I figure I should write an entry with details on stuff that I’m actually doing, not just random anecdotes. Most people probably have no idea how I spend my days.
Which is ok, I think, because most of my days are spent in an office. I do a lot of document writing (in Spanish) and I have internet. I don’t live in a cave or have to hunt my own food. Life as a Municipal Development volunteer in Guatemala seems pretty western-standard normal, at least it does now that I’m accustomed anyway.
Anyway, I’ve recently spent a good deal of my time in the office working on a series of workshops, five presentations that I’ll give to community leaders over the course of the next few months. Basically, my counterpart and I want to help train the community groups that act as the cornerstones of the democratic system here in Guatemala. Any community group, once registered, is supposed to have a direct voice in a council system that is shaped like a pyramid, broad at the bottom with tens of thousands of community groups throughout rural Guatemala, each of which having the (theoretical) input in the decisions of the roughly 333 municipality councils in Guatemala at the subsequent level (each representing what roughly amounts to a county or borough in the States)
Each county or borough council has a voice in the succeeding level (what we’d think of as a state), which then has a voice in the regional council, and finally there is a national council over which the Guatemalan President presides. The idea in this system is that even the lowliest campesino can be directly involved in the democracy of his country.
Of course, there are lots of problems. First of all, many Guatemalans are woefully undereducated, which is a large part of the reason why we’re doing these workshops. We want to provide local leaders with some pointers on the associated legal background of their community groups (which are known as COCODES), helping them to identify their organizational strengths and weaknesses, assisting in the prioritization of needs and finally, helping to elaborate a project profile. The hope is that we can empower these groups in their drive to improve their communities.
Ok, so I just described one problem, the education bit, and then I got carried away talking about mission and failed to elaborate on the other problems to which I alluded. Here’s a big one – the existing power structure. Oppression in Perpetuity, or Why Would I Really Want To Make Life Difficult For Myself?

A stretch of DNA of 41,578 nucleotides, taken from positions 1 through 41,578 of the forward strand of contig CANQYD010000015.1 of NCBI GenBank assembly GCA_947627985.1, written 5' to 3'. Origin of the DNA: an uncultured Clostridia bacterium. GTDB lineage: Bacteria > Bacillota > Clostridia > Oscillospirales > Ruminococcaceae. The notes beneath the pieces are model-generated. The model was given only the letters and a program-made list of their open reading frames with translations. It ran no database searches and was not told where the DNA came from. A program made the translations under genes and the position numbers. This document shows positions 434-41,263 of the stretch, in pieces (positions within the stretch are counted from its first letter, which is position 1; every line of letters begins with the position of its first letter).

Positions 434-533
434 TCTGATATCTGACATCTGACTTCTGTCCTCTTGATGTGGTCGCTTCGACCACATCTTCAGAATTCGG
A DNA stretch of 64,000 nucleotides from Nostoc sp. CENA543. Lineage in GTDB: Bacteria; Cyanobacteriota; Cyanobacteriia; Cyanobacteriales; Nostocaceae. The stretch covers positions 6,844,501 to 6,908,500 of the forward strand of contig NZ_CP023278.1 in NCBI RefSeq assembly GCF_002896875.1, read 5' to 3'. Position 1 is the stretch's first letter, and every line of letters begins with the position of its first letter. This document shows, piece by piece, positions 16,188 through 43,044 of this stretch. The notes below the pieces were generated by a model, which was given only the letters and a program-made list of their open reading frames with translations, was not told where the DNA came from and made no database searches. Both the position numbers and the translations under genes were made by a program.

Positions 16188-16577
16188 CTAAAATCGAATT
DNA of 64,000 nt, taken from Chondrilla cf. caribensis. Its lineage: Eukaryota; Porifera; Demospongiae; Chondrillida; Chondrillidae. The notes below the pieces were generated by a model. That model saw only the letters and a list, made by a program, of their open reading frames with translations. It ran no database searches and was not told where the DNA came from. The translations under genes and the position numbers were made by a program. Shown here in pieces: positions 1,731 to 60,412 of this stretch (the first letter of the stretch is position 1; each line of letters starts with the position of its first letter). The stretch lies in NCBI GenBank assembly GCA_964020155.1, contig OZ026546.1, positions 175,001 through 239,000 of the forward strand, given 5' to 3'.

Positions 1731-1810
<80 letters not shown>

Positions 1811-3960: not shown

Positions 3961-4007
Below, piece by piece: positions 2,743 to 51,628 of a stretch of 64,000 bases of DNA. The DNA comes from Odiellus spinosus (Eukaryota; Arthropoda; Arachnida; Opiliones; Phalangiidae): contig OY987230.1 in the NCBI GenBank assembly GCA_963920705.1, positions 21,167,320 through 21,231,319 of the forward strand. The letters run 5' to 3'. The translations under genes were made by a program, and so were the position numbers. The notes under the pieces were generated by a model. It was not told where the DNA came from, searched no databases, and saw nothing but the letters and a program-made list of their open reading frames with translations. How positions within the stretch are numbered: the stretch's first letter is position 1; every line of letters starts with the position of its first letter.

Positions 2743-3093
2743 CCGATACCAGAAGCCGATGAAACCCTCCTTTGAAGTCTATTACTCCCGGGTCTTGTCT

Case in point – during our first presentation to about 50 rural community leaders last Tuesday, where we talked about the lawswhich sanction community involvement and transparency, my counterpart decided to gloss over the established legal provision which dictates that municipal treasuries should be able to respond to individual citizen requests for accountability and/or financial records. Later on I asked him why, and he told me that one particular community leader would have gotten animated and started causing trouble, this guy whose personality apparently feels like having an inextricable rock in your shoe.
I tried to tell my counterpart that yeah democracy is messy and annoying, that when everyone knows their rights and can speak up for themselves that change can happen without fear of reprisal, and maybe if That One Guy started causing trouble, then maybe there wouldn’t be so much corruption (Guatemalans love to bemoan the corruption here)
So thatwas my counterpart, perpetuating the status quo, ostensibly involved in an effort to spread awareness and transparency but intentionally leaving out important details. Oh well.
At the same time, I readily admit that it’d be a tough decision. Furthermore, this is his community and not mine, so….. I can’t really tell him how to behave. Lastly, physical violence as a reprisal for sticking one’s neck out is not uncommon here.
What stays with me is a conversation I had after the fact, when I recounted the meeting to a friend and he assured me that most people probably already know their rights but fear for their safety. My friend told me that if you draw enough attention to yourself and make the existing power structure feel threatened, someone might take steps to have you silenced.
Which is pretty intimidating.